Hurricane Olaf has slammed into the Los Cabos resort at the tip of Mexico's Baja California Peninsula and then drenched the region with torrential rains as emergency workers evacuated people from flood-prone areas .
The storm came ashore near San Jose del Cabo late Thursday as a Category 2 hurricane with winds of 155km/h according to the US National Hurricane Centre.
Authorities worked to move residents from low-lying neighbourhoods to shelters while an estimated 20,000 foreign tourists hunkered down in their hotels.
Officials closed ports and schools in the area, suspended COVID-19 vaccinations and told many nonessential workers to stay home. Businesses had boarded up windows and people lined up for last-minute purchases in supermarkets ahead of the storm.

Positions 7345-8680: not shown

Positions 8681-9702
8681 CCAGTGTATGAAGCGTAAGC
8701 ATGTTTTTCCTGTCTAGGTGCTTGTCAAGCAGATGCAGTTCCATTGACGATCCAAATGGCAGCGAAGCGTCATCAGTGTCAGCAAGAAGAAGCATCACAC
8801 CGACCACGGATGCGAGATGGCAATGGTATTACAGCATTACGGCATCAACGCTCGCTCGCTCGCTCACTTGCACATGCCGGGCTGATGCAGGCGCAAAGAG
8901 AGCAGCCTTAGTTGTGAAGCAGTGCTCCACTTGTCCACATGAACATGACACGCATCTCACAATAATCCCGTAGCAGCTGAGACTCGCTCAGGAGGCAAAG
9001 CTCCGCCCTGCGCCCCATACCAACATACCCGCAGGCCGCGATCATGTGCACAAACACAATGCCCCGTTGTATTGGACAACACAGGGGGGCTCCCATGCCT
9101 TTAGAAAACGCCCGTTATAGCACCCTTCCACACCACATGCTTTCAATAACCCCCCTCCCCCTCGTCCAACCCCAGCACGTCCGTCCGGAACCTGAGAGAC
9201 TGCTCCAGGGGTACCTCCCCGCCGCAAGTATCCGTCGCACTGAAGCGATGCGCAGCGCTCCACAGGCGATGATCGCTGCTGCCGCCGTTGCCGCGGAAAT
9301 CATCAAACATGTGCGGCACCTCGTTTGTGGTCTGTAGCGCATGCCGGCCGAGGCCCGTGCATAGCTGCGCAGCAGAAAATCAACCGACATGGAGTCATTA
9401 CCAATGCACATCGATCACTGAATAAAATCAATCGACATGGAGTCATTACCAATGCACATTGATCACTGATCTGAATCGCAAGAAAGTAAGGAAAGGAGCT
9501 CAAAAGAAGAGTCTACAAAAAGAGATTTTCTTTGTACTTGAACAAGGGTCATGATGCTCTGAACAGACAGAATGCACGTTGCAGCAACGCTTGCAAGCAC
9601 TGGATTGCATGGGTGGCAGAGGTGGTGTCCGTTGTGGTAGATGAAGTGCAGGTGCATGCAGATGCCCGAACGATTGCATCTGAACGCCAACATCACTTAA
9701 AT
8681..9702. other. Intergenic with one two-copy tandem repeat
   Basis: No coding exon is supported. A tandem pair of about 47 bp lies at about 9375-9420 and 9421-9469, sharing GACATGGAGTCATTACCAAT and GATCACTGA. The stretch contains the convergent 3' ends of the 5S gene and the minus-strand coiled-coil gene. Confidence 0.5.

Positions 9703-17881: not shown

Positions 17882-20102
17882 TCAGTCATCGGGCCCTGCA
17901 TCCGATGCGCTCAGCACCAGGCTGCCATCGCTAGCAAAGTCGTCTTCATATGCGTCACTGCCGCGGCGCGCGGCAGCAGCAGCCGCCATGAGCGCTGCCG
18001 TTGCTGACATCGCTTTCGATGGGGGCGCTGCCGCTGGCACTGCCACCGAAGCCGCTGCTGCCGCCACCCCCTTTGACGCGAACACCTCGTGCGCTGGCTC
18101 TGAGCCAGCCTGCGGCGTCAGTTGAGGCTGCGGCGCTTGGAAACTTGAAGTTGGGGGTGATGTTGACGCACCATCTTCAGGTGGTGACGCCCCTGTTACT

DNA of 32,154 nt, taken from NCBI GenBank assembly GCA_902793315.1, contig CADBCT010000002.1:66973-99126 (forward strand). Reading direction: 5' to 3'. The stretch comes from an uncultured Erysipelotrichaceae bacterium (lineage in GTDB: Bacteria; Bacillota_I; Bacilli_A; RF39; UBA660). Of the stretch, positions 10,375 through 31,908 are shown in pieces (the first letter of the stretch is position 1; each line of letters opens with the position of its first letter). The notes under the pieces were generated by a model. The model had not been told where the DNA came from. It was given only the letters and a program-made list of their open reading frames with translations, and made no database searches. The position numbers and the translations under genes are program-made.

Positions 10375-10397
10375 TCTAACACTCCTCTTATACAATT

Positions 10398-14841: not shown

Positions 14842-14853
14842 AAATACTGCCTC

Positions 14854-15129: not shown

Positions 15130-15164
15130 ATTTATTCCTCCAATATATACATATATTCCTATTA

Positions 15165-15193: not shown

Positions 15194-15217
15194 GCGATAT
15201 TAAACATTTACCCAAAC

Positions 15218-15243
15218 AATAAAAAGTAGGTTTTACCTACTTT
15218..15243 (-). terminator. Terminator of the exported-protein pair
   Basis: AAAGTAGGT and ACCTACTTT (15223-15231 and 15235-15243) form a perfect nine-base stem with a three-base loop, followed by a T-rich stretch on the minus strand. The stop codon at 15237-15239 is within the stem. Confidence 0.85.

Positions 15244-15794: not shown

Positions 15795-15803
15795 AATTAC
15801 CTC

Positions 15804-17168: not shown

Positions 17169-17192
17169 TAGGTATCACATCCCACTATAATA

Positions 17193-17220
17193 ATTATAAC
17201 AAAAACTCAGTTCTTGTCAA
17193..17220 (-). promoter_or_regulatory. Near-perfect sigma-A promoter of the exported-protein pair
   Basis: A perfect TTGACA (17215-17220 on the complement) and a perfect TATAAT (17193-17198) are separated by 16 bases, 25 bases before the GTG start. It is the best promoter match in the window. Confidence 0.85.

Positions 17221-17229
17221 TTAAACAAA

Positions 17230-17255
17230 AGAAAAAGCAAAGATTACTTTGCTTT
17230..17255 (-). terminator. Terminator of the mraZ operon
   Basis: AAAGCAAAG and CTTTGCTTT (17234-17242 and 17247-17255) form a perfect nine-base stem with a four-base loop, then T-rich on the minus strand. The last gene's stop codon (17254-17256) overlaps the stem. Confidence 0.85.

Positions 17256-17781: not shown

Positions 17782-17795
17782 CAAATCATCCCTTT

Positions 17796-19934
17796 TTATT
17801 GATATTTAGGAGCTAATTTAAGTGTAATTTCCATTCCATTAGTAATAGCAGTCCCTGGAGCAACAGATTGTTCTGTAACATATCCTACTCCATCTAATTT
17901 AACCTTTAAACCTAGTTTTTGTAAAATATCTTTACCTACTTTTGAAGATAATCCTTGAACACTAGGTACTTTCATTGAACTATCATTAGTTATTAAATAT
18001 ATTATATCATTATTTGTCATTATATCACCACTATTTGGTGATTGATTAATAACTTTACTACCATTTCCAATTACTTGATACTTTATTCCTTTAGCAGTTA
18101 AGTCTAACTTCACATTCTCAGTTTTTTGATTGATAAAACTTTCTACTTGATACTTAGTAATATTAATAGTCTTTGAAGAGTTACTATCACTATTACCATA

Some roads already had been cut by flooding ahead of the full storm's arrival, according to local news media.
By morning, the storm was centred about 55km west-southwest of the state capital, La Paz, where a new governor was scheduled to be inaugurated on Friday.
Maximum sustained winds had slipped to about 130km/h and it was expected to weaken further while grinding along the peninsula's coast during the day and then heading out into the Pacific.
Lilzi Orci, president of the Los Cabos Hotels Association, said dozens of domestic and international airline flights were cancelled because of the hurricane.
While COVID-19 pandemic restrictions meant hotels were at less than 40 per cent of capacity, she estimated that 20,000 foreign tourists were in the area.-
The Hurricane Centre forecast 12.5 to 25.5cm of rain on the southern part of the peninsula, with up to 38cm in isolated spots, creating the danger of flash floods and mudslides.